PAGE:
Kapdaganda- a token of love
Embroidered with colourful motifs and designs on both sides, Kapdaganda is a prestigious shawl of Dongria Kondh tribe, a primitive sub section of Kondh tribe who inhabit the forest land along the slopes of the great Niyamgiri hill ranges of Rayagada and Kalahandi districts of Odisha. They also identify themselves as Jharnia because they live in close conjunction with a perennial hill stream. Woven with excellent craftsmanship, this shawl is specifically prepared by the spinsters of Dhangidibasa (female dormitory) during leisure hours. It is used by Dongria Kondhs of all ages irrespective of gender. Kapdaganda is gifted by the Dongria girls to their beloved ones as a token of love. It is also presented by them to their brother and father as a symbol of affection to strengthen consanguinal relations. Aesthetically added designs and motifs in the shawl unfold social beliefs and religious practices.
In general Kapdaganda is gifted as a token of love to the beloved ones which also includes family members. Kapdaganda plays vital role in mate selection. Kedu/Meriah festival of Dongria provides an opportunity to the youths for mate selection. Throwing of the shawl by the boy over a girl shows his willingness to marry the girl. In return the girl shows her consent by accepting or rejecting the shawl. Colours used in the shawl carry significance.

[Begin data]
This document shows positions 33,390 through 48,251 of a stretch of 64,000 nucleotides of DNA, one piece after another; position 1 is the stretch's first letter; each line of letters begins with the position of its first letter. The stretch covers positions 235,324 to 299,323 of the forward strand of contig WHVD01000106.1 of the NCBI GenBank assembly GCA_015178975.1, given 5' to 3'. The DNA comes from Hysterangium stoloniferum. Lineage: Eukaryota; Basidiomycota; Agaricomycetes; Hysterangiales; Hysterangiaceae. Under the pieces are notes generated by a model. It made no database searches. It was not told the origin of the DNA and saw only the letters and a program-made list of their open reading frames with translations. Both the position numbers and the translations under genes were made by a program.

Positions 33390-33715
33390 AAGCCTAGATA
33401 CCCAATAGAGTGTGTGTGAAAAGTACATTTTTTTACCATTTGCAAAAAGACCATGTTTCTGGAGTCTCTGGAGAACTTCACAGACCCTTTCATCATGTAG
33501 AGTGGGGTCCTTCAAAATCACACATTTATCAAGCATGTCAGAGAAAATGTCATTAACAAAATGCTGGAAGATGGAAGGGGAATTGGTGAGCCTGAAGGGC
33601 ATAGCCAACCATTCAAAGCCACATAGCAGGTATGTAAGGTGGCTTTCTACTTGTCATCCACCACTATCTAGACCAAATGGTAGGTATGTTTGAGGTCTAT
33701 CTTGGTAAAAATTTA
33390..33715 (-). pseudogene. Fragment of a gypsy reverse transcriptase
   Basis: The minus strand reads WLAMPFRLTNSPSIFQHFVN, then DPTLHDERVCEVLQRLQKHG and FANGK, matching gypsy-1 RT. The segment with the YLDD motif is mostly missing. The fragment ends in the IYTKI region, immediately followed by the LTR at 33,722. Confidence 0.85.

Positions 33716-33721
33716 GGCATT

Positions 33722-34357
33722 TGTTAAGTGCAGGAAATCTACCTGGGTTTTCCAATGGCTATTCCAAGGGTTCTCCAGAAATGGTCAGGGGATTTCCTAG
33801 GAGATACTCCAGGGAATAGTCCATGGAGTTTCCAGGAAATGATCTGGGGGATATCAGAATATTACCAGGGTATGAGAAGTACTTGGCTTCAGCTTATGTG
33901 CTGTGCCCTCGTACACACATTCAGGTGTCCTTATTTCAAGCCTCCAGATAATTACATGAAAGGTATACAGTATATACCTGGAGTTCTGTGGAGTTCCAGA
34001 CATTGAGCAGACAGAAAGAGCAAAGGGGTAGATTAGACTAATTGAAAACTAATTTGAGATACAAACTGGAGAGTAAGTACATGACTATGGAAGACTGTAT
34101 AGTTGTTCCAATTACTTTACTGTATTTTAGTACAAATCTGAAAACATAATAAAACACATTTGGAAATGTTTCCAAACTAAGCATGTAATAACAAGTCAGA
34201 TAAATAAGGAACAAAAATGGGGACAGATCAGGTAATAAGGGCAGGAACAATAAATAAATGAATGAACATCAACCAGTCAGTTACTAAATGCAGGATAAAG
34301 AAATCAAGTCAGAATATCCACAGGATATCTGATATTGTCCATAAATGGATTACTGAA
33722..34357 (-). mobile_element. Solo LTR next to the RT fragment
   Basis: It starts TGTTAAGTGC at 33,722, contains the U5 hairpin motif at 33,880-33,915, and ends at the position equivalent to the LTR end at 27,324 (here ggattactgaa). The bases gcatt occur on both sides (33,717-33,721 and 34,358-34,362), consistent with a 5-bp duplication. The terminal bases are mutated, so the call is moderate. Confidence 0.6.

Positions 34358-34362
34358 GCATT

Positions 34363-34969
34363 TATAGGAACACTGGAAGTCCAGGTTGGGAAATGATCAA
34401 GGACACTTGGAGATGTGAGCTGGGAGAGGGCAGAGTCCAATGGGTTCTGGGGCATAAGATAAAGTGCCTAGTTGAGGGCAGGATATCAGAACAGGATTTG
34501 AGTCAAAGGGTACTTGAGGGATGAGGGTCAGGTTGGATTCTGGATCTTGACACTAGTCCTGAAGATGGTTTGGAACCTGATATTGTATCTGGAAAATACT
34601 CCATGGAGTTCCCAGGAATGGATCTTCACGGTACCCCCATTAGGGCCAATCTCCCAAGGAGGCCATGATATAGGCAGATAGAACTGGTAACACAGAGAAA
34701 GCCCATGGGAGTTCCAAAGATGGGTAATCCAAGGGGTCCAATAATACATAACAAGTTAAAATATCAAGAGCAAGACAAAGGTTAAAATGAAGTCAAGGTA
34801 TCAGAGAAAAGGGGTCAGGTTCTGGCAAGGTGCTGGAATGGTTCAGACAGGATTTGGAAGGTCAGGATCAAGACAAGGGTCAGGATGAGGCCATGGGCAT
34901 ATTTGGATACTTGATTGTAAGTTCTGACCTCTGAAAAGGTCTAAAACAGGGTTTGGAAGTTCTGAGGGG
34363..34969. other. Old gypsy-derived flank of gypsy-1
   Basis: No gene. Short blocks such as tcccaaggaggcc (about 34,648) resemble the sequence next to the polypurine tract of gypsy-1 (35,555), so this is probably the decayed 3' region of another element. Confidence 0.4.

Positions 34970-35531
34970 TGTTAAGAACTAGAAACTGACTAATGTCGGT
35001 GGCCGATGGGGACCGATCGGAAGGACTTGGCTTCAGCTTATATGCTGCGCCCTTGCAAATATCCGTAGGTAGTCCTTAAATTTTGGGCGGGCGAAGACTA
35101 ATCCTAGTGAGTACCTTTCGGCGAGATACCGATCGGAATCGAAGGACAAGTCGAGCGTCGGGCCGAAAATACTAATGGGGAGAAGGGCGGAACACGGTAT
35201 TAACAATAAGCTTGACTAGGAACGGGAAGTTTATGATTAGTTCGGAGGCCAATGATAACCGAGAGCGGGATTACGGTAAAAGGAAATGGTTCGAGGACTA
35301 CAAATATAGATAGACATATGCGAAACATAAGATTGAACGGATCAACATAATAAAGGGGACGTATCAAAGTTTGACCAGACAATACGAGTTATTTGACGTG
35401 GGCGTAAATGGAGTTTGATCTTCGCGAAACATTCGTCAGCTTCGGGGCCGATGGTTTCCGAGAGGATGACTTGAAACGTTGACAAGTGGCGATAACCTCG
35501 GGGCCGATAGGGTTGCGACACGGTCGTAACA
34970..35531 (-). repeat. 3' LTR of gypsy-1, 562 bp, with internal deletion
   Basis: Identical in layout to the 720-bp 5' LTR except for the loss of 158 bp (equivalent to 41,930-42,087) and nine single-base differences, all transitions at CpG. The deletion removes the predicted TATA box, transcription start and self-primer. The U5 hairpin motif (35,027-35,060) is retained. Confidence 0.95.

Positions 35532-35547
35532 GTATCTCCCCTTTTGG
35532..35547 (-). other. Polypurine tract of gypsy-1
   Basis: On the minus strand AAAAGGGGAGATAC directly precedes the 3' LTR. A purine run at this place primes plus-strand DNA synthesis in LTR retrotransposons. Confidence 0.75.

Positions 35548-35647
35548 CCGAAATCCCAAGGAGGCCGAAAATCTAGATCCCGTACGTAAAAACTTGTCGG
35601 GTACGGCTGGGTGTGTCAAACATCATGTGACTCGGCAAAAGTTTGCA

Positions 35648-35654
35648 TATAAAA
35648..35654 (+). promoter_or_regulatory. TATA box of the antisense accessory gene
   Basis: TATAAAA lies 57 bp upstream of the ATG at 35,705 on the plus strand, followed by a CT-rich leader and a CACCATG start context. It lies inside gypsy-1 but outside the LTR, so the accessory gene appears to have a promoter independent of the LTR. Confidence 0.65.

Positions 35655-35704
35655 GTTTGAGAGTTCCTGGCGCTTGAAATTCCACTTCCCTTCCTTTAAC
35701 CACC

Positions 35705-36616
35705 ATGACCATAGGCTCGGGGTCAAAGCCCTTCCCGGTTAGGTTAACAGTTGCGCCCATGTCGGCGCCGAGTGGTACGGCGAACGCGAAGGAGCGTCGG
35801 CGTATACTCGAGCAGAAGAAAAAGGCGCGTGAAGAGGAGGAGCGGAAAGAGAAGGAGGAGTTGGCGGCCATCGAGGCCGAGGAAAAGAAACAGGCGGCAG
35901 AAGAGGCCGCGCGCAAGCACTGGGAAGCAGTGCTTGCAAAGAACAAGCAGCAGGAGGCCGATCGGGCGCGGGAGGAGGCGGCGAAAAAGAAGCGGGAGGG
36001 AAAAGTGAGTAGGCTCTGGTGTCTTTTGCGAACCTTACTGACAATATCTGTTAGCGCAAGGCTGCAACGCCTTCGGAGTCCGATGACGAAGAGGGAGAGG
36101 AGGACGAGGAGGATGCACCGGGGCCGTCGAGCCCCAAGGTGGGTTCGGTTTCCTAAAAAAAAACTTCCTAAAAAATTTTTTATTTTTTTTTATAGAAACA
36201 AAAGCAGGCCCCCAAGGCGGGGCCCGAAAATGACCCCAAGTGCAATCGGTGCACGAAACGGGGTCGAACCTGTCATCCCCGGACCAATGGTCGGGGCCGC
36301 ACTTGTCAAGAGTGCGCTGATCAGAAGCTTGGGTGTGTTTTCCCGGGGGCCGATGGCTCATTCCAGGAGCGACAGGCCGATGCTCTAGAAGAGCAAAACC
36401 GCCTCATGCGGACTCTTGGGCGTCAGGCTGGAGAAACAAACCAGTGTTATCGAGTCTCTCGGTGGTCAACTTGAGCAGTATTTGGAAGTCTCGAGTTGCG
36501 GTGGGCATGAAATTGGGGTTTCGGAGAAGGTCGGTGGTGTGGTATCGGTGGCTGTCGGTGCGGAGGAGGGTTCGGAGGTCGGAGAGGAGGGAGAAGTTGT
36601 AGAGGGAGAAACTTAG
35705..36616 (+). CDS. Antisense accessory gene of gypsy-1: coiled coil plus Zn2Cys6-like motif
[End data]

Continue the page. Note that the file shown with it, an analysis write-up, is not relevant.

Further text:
Traditional designs and motifs
The off-white coarse cloth used as raw material for Kapdaganda is procured from the Domb, a local schedule caste community by bartering harvested crops. The designs are embroidered on the cloth by a needle using threads.
A Dongria maiden doing embroidery
“Watta” –The three straight lines running at the bottom of the weave-designs represents the imaginary boundary wall of their habitation. It symbolizes social security and also marks as a symbol of protection from the evil forces.
“Karlikanna” the axe shape design symbolizes the blade of an axe which indicates the aggressiveness, revenge, energy, power, territorial fights and proves that they are the real protectors of their “Dongar” (mountain).
“Kuddilinga”- the triangular design symbolizes the abode of their household deity worshiped by them in all important rituals and ceremonial occasions.
These traditional designs are also manifested in other material culture like- bangle (Paja), religious observation-Kudilinga, Jhaker penu and Dharani penu.
A close view of embroidery work
The white thread is procured the local Domb community. The threads are dyed according to the colour requirement. They use turmeric, bean leaves and wild seeds to colour yellow, green and red respectively. To prevent the colour fading they boil the banana flower in water and dip the coloured threads in it. To check the result they hold and press the thread in the arm and dry it on a bamboo pole. This technique is now almost extinct and is replaced by the ready-made colour threads.